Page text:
Nigeria’s formal informal sector must change gear and reverse

May 16, 2017 Africa , Nigeria , Opinion , OPINION/NEWS


Prince Charles Dickson


With the Joint Admission Matriculation Board examination season underway, I shook my head at the kind of future Nigeria has for her young ones, with an estimated 1.7 million high school students taking exams to get into college or university as we call it in these parts.


I sought answers to the following questions, I know the cost and manpower it takes to put an examination like JAMB into place, but I do not understand how the billions generated are ‘spent’.


We have some 80 plus universities, add to that another two score private universities and other colleges and institutes of degree awarding status, we presumably would have a minimum of 400 such schools. If each school had admission slots of 2,000 each that would be 800,000, still a shortfall of almost a million. In some four years do we have jobs for half a million young school grads?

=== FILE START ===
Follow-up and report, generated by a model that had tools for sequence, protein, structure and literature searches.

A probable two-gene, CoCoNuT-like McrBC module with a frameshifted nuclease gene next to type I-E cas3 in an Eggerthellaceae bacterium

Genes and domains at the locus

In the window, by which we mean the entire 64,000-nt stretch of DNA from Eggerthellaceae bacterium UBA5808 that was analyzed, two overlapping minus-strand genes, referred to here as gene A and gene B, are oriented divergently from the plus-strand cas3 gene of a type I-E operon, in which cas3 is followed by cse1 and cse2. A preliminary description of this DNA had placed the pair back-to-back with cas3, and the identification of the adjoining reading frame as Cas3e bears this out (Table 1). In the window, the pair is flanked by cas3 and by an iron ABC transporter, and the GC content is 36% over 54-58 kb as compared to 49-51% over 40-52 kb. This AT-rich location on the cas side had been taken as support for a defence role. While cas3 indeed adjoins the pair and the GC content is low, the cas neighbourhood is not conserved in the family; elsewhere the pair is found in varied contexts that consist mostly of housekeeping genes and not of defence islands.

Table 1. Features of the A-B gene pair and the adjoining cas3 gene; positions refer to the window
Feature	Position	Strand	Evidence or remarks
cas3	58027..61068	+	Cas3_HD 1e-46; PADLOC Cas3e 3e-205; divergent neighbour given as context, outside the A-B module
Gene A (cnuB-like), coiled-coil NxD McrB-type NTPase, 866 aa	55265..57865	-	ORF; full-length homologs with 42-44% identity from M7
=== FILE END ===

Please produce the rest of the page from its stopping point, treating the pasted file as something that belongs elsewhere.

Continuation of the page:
I asked a number of these students how many will follow their career path directly from what they majored in; how many will find their undergraduate course of study less immediately relevant to their work in the years following graduation. When less than two hundred thousand will get legitimately earned admission and less than another hundred thousand are going to college to become solutions to problems, the future remains bleak for our beloved Nigeria.


How many of these kids will get the education required to draw the nation from out of the doldrums of her problems, only a few years back the immigration employment saga exposed us to the dangers ahead, everyone wants to work with and for government; we saw how the Police recruitment had to be cancelled, we are living witnesses of all the brouhaha that precedes every public job placement.


These exclude the laziness exhibited by those that even get the jobs, you have a workforce that contributes nearly nothing forceful to the nation’s productivity. I will share these thoughts by my friend Strive Masiyiwa.